When University of Iowa associate professor Kembrew McLeod wrote in protest of the university's pink locker room, he expected some hate-mail, but he was not prepared for how much the comments would hurt.
Responses like "I speak for the state of Iowa in saying that we detest you at a molecular level" and "Honestly, I do hope this guy gets beat up" can really "wear on one’s psyche," he says.
Anyone who has perused comment sections online can tell you that civility is hard to find, while back and forth vitriol is typical. In this Talk of Iowa conversation, we look at the good, the bad, and the ugly of communicating with strangers online.
Racheal Ruble, lecturer at Iowa State University, says that we tend to interact based on the rules and norms of our society; but when we lose face-to-face interaction, we also lose sight of how our message is received.
"It's more about sending out the message of disagreement...of wanting to win," Ruble says. "That your side is the winning side...becomes more important than the consequences of what we say."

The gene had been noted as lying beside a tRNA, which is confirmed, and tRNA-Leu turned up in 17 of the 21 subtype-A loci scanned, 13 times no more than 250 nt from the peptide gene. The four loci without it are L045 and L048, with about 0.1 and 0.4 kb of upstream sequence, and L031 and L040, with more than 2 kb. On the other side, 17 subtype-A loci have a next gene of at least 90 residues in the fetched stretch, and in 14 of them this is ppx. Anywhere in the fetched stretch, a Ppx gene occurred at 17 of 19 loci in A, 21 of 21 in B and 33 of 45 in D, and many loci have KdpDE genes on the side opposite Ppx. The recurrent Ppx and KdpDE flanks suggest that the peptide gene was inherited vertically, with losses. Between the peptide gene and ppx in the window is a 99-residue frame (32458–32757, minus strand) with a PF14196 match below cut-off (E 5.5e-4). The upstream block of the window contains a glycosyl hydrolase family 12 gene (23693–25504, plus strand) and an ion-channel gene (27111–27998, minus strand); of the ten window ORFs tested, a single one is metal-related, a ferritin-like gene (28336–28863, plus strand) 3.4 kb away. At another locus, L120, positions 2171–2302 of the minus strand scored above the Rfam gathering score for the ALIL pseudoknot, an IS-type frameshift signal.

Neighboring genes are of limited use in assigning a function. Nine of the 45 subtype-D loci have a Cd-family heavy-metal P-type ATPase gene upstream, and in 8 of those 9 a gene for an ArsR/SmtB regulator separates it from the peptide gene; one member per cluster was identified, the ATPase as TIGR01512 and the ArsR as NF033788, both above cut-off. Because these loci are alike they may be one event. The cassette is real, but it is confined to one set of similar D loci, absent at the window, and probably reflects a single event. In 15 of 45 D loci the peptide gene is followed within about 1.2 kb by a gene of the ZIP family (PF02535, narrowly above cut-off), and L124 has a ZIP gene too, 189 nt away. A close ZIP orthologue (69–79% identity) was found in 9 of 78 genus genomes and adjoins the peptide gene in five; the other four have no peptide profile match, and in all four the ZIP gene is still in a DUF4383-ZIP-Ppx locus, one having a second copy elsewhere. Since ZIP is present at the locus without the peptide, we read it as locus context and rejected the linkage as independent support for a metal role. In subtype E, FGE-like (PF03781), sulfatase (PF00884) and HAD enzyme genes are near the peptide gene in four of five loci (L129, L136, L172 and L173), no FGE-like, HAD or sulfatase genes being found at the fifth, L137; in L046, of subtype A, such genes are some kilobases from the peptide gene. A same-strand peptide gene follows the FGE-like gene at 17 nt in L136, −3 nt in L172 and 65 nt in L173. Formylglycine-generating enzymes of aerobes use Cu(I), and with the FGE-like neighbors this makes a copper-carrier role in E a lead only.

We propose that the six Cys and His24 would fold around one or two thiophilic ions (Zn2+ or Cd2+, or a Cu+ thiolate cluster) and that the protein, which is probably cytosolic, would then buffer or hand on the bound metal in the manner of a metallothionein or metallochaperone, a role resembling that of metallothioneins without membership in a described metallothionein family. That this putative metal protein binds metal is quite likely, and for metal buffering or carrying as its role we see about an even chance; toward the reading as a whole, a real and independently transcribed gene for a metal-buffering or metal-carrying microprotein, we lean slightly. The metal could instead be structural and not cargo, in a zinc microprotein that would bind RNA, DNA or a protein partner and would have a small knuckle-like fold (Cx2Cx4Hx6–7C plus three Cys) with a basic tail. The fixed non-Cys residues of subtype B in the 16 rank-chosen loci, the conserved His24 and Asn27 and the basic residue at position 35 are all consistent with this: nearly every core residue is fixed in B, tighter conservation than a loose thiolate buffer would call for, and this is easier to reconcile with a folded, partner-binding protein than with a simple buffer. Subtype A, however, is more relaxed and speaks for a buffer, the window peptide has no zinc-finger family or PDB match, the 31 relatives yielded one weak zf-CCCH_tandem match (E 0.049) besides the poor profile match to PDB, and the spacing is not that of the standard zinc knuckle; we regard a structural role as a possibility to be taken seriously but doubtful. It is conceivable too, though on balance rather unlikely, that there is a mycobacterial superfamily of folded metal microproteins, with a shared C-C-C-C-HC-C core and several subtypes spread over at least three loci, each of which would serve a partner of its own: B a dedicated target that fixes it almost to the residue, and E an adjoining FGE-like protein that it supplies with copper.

Barbara King, professor at the College of William and Mary and contributor to NPR's 13.7 "Cosmos and Culture" blog, has always been intrigued by the comment section of her blog posts and interacts with commenters regularly. A major question for her is when and how to engage with so called Internet "trolls."
She has three rules for engaging with rude commenters.
- It's unnecessary to respond to "trolls" with a rude response. "A 'tit for tat' strategy is not the only way to go."
- Becoming part of the conversation can help provide perspective to commenters. "Sometimes just jumping in as a human being does act to humanize things."
- When things get too intense, she will stop posting. "As a person gets madder, it can be just a little satisfying not to participate in that escalation, because it kind of makes that person a little nuts."